Check Whether Animal Is Hungry
So if the
._stuff_in_belly is bigger than
2, it’ll never get to the code in line 22 where I’m returning
True, and it’ll jump to that line if the conditional expression on line
20 is going to evaluate to
False, then it’ll just skip the indented block and then return
sheep.is_hungry(). So I’m calling the instance method
.is_hungry() on it, and it returns
True. All right. And then if I’m going to go ahead and feed Lizzy one, two, three times, then it should have more than
2 in the belly. Let’s check it out.
So they can call
.is_hungry(). They don’t have to deal with
._stuff_in_belly. They don’t necessarily need to know how much is in the animal’s belly, but they can figure out whether the animal is hungry or not, and then decide whether they need to be fed or not. And that works for me.
02:43 But there’s one little thing that I think I want to improve on, that’s something that you didn’t cover in the course, but well, let’s learn something new, which is that I want this method to kind of look like an attribute instead.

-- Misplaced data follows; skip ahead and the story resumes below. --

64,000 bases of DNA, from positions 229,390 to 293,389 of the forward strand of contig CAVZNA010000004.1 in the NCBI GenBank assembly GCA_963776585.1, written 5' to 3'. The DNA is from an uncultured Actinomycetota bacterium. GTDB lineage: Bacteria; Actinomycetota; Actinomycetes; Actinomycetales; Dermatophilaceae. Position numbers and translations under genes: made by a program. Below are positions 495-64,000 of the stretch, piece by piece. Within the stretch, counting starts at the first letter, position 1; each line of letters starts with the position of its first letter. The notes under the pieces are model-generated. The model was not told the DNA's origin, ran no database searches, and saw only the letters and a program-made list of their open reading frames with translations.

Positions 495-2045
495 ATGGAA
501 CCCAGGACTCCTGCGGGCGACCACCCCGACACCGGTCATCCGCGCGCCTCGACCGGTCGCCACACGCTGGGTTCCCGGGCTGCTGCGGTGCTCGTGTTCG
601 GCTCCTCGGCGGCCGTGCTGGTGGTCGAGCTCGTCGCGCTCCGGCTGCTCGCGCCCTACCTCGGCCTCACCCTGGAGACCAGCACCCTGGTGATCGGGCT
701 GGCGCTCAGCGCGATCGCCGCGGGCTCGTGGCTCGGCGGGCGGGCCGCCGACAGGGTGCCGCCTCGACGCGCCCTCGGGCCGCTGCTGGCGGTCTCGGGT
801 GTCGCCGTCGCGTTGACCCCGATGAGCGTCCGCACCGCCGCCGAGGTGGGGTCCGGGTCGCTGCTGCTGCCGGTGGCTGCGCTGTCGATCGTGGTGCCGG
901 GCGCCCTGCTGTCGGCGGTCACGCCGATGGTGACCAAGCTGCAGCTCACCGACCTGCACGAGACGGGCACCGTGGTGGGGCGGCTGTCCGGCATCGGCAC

So I don’t want my users of my
Animal class to need to call
.is_hungry(), but it kind of feels more like an attribute, you know, it’s just information about the animal. So in the next lesson, I’m going to show you how you can turn basically a method into an attribute kind of. All right, let’s take a look.
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